Thousands of jobs are at risk in the Irish tourist industry, and the viability of many hotels threatened, in the aftermath of the New York and Washington attacks, according to the state tourist board.
Bord Failte said the attacks had caused "huge cancellations" by the million or so Americans who visit the country each year, contributing more than IR£550m (£438m) to the Irish economy. In a statement expressing "grave concern" at the prospects for the IR£4.7b (£3.74b) industry in the coming months, the board calls for urgent action by government to ease the crisis.
It recommends that airport landing charges at Dublin, Cork and Shannon be subsidised to encourage new low-cost services from mainland Europe and increase tourist traffic.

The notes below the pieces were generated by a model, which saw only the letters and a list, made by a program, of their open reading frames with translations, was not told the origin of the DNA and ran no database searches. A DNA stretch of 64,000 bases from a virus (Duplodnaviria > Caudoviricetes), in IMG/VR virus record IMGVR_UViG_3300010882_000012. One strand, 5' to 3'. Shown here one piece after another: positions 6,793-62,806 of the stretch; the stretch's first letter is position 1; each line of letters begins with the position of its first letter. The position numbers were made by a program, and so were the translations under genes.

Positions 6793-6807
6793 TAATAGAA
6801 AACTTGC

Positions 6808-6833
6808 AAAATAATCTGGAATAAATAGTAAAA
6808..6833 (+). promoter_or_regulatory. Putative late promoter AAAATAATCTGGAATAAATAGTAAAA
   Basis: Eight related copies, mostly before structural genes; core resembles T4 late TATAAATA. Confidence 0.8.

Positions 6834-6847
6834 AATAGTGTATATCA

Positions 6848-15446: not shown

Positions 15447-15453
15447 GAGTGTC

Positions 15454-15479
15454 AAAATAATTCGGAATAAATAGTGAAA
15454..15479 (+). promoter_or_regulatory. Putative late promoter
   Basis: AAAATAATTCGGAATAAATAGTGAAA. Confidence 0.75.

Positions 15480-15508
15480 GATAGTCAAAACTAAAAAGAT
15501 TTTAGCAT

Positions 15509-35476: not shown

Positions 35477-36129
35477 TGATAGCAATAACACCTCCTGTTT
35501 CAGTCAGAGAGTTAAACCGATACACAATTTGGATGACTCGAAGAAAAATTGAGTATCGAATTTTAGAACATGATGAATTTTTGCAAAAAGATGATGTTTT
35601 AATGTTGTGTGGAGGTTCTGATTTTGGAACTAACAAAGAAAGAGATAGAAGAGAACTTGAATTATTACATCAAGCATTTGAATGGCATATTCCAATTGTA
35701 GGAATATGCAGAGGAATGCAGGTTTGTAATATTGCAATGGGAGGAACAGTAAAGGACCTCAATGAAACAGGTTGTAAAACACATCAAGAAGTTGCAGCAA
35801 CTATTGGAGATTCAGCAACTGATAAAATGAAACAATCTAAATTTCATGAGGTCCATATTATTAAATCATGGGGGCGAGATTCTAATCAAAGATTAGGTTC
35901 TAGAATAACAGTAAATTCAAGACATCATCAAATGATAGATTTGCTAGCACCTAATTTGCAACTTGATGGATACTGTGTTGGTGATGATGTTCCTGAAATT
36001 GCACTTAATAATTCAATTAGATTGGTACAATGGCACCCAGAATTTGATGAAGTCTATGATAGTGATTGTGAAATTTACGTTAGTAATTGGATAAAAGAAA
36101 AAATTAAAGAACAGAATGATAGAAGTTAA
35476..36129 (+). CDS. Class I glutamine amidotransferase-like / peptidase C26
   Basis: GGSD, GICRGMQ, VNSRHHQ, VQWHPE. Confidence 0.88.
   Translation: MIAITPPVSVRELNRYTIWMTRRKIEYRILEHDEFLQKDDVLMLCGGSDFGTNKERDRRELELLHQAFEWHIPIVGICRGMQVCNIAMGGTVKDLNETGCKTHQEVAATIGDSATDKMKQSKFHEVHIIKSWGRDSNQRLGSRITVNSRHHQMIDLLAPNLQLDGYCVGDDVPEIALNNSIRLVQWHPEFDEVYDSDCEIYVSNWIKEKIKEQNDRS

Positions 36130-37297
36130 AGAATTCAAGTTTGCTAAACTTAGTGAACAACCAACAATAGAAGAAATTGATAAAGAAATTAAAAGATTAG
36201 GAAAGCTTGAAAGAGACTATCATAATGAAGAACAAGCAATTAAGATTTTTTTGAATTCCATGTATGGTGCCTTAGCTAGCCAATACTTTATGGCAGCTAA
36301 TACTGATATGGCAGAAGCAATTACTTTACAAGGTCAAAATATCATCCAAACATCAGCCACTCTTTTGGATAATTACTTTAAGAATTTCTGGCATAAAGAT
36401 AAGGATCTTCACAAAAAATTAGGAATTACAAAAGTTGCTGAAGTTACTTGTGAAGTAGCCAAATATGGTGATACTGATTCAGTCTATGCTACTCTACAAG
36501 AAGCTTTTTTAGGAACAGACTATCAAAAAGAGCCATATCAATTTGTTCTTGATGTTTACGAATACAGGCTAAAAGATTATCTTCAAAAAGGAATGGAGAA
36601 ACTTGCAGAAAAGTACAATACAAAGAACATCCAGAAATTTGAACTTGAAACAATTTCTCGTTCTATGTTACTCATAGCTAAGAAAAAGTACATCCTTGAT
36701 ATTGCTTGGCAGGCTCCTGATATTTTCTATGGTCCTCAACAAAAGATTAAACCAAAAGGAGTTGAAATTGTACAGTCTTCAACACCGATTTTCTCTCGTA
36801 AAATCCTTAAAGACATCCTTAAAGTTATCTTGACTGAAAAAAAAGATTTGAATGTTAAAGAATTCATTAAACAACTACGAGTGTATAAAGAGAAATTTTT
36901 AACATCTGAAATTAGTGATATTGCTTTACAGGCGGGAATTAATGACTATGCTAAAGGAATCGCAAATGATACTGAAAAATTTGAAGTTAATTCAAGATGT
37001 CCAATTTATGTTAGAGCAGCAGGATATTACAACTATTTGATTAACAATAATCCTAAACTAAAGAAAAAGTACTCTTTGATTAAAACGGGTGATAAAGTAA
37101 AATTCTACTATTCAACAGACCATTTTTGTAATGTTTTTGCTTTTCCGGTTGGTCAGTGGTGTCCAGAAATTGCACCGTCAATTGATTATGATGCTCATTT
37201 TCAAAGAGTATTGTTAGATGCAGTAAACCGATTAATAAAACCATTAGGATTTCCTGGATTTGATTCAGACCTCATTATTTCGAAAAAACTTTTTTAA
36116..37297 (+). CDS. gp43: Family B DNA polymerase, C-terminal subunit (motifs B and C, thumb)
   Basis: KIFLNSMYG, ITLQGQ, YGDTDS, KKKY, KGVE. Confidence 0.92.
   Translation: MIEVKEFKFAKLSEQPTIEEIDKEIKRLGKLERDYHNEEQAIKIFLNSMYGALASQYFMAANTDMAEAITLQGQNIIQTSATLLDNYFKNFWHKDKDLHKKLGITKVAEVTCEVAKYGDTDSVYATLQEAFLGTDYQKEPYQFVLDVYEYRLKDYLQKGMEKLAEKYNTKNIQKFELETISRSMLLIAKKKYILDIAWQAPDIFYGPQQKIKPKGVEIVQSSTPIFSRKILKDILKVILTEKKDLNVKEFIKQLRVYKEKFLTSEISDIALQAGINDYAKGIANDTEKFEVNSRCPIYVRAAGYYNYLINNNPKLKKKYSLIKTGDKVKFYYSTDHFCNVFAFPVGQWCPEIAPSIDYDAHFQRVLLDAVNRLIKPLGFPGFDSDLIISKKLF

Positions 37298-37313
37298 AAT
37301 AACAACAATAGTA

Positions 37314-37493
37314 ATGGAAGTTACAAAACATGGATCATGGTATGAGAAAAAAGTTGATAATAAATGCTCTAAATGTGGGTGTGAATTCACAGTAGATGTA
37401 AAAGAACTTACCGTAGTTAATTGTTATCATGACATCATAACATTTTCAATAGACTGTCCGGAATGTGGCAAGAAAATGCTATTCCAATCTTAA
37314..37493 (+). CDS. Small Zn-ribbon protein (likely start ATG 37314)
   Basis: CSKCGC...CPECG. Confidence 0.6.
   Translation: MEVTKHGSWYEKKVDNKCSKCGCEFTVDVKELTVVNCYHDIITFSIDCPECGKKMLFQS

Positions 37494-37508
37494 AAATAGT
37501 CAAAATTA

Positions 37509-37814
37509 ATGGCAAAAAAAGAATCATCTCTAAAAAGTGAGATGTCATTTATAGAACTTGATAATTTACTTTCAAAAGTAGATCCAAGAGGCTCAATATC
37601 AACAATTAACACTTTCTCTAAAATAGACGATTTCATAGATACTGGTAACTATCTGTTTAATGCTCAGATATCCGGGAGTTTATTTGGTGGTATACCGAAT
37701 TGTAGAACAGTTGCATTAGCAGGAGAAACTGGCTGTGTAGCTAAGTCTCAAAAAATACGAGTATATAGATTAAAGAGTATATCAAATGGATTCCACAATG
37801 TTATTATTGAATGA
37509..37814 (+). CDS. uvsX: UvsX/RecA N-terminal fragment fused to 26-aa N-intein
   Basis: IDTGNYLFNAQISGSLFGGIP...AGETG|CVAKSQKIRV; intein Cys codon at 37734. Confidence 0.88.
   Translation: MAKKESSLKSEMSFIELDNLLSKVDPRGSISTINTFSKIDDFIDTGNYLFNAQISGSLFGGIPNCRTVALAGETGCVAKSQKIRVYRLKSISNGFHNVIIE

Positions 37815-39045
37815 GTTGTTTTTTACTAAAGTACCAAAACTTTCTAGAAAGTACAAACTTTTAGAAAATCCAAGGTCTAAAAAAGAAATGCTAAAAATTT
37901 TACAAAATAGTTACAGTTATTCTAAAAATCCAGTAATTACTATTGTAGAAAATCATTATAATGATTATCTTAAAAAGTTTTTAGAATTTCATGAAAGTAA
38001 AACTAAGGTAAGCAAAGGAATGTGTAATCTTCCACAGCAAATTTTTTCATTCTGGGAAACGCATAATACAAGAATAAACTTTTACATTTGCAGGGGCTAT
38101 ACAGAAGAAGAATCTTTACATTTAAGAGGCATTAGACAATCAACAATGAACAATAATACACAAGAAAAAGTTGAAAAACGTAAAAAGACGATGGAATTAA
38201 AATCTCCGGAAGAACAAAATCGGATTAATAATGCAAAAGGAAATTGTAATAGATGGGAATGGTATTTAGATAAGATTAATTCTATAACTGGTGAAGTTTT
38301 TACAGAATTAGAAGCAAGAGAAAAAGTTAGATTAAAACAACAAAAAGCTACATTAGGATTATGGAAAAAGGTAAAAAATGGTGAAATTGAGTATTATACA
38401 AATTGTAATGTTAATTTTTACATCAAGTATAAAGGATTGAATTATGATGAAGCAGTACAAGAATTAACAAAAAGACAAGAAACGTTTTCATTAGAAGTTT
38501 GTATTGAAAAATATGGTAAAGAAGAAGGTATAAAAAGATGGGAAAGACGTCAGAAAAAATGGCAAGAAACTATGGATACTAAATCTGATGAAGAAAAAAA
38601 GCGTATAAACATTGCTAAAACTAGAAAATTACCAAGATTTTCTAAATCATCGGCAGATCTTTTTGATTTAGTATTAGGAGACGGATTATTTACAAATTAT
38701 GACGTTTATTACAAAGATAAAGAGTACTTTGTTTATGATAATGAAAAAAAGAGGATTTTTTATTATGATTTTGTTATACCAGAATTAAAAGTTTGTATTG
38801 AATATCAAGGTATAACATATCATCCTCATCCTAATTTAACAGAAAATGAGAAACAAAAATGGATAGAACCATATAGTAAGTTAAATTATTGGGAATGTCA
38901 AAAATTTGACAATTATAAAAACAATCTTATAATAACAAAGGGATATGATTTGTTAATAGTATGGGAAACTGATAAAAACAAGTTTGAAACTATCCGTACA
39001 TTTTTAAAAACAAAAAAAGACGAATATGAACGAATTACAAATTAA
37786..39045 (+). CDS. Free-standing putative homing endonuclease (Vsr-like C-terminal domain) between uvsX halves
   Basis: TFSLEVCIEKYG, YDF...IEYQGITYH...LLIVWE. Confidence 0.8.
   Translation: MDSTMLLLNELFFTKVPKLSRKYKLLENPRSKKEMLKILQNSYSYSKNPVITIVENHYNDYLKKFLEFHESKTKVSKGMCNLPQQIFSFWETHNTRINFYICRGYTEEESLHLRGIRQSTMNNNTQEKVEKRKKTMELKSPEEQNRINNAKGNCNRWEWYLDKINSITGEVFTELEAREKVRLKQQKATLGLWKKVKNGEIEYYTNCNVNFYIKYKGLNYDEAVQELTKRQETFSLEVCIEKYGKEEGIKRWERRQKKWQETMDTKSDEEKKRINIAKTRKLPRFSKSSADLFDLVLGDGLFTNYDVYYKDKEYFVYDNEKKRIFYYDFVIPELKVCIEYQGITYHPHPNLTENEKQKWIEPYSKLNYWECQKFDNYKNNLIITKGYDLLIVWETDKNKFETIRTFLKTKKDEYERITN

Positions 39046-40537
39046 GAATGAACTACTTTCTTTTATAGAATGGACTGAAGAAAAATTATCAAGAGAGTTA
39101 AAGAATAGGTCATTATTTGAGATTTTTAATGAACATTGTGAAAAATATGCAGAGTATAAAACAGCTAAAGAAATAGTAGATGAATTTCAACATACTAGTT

"This is a market of 300 million people", it says, "from which we now receive an average of 1.4 million visitors annually, less than 0.5% of the population."
Bleak warnings about job losses were echoed by John Power, chief executive of the Irish Hotels Federation, who estimated that the "enormous fall" in business from the USA could amount to IR£100m (£79.6m) in lost earnings for the remainder of the year. As many as 5,000 jobs could be at risk.
He said that during the Gulf War there were 35% cancellations and it took three years for bookings to recover to pre-war levels.
One hotel lost IR£500,000 (£398,000) in bookings in the immediate aftermath of the US attacks. Dromoland Castle, Bill Clinton's favourite Irish hotel near Shannon Airport, had more than 400 room nights cancelled on the same day.
In Dublin, two of the city's five-star hotels, the Four Seasons and the Merrion, reported a 12% drop in their American business.
by Anthony Garvey
Source: Caterer & Hotelkeeper magazine, 27 September - 3 October 2001